We are back once again with a 97.3 ESPN Phillies mailbag.  Each week we take your questions and talk about them on the Sports Bash with Mike Gill every Tuesday.  Send your questions anytime on Twitter to @FrankKlose or send a text to the text board at 609-403-0973.

Would the Phillies consider Gio Gonzalez now that he is available again?
~Matt

When the New York Yankees signed pitcher Gio Gonzalez to a minor league deal that would have been worth $3 million prorated if he made the major leagues, this very inbox had a question as to why the Phillies did not consider signing their former farmhand to such a deal.  But in the last week, Gonzalez fired his agent, Scott Boras and exercised an opt-out in his deal with the Yankees.  With a new agent, Gonzalez is looking for work.

Gonzalez made three starts for the Triple-A Scranton-Wilkes Barre RailRiders, going 2-1 with a 6.00 earned run average.  Gonzalez had a shaky first start, allowing eight earned runs in four innings.  But his next two starts were better, allowing no runs in six innings in start two and two earned runs in five innings in start three. Gonzalez would have started a fourth time but the game was rained out.

So far, Gonzalez has been linked to the New York Mets and the Milwaukee Brewers, with whom Gonzalez finished the 2018 season after a July trade from the Washington Nationals.  So far, the Phillies have not been linked to Gonzalez.  Of course, that does not mean that they are not interested.

My guess is that the Phillies will consider Gonzalez and any other opportunities that present themselves.  I think the Phillies would at least look at Gonzalez as an option, particularly with the Phillies short in the bullpen.  If the Phillies might finally begin to look at some of their starter depth as bullpen pieces, then maybe they would like additional starter depth.

But I would also think that Gonzalez will sign with a team that allows him to pitch in the major leagues sooner.  The Phillies probably are not ready to remove anyone from the starting rotation at the moment, as Jerad Eickhoff has made some strides and probably will get a longer look.  Therefore, I think that the Phillies are an unlikely match at this time.

What can the Phillies do about their offense?
~Scott

The Phillies managed just 2, 3, 1, and 1 runs in the four losses the Phillies have in their last five games.  Thanks to injuries to Jean Segura, Scott Kingery, Odubel Herrera and briefly Andrew McCutchen, much of the offensive firepower has been diminished.   Losing three key offensive pieces is tough for any team.

The Phillies are not even a month into the season, so the starting lineup the team assembled has not had too long to really fully gel, even though they got out of the gate strong.  Maikel Franco, finding success batting eighth, had to bat fifth in a lineup that now features journeyman Phil Gosselin and Roman Quinn on a regular basis.  On the days that J.T. Realmuto is out of the lineup, Andrew Knapp is another weak spot.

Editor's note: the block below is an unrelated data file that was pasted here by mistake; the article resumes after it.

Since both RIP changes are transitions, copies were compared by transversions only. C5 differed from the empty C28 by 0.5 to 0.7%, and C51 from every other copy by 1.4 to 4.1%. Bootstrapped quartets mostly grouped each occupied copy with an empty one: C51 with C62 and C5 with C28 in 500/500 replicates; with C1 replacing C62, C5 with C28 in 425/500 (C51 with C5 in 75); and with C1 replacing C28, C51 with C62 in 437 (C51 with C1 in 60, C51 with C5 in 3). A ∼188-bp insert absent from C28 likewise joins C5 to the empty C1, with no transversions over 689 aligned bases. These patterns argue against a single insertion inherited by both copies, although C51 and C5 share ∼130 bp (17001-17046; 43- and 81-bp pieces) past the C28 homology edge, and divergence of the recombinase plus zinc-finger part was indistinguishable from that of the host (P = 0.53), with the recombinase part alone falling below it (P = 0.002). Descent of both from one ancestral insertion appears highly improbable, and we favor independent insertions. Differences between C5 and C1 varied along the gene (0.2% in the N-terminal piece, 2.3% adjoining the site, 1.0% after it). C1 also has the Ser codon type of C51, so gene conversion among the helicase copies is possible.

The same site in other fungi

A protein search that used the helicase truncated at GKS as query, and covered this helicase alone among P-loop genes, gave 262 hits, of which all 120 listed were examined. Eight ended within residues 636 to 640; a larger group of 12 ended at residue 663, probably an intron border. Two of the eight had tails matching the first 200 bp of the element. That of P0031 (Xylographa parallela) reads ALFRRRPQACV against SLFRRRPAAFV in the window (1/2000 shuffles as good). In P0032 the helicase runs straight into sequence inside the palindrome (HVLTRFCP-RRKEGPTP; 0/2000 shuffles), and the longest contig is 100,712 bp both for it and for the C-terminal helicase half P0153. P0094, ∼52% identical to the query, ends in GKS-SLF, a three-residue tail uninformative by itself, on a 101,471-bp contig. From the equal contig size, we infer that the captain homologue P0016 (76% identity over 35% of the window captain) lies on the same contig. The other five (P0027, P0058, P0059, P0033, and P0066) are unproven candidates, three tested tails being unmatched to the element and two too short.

After last night's loss to the Mets, starter Jake Arrieta called the team behind him "flat" (via Scott Lauber of the Philadelphia Inquirer).  McCutchen said that he needed to "do a better job".   The Phillies were also without star Bryce Harper, who got ejected in the fourth inning for barking at umpire Mark Carlson, prompting manager Gabe Kapler to show demonstrable anger for perhaps the first time of his Phillies tenure.

Unfortunately for the Phillies, they may have to wait out these injuries.  The subs that include Quinn and Nick Williams and Aaron Altherr are essentially playing for their futures.  If they cannot step in for the veterans when they are out, the Phillies will find better bench players down the stretch.  But those acquisitions tend to happen later.

The Phillies expect to get Segura back this weekend.  But Herrera and Kingery may take a while.  The others need to step up, or they might be replaced.

Will Bryce Harper be suspended or fined?
~Michael John


Players are generally not allowed to argue balls and strikes.  As umpire 
Mark Carlson seemed to be missing some calls on both sides, the Phillies dugout had some words directed at the umpire.  Carlson turned and ejected the Phillies star player from among those who were saying things from the Phillies bench.

The groundwork was laid for the ejection after Harper's at bat.  Harper was called out on strikes, with one of them being borderline and one being rather obviously high and outside.  Ted Berg of USA Today had a breakdown of Harper's at bat this morning.

With Harper having already expressed his thoughts to Carlson earlier, Carlson knew exactly who was in the dugout yelling about a high and outside pitch to Cesar Hernandez.

I think that the matter is settled; Harper's ejection will take care of it.   But the damage was already done due to the aforementioned already-depleted Phillies offense.

Arrieta said to reporters, "He's got to understand we need him in right field".

The Phillies did need his bat, it turned out.  I think that will be it, without a future suspension or fine.  But the Phillies paid for it last night.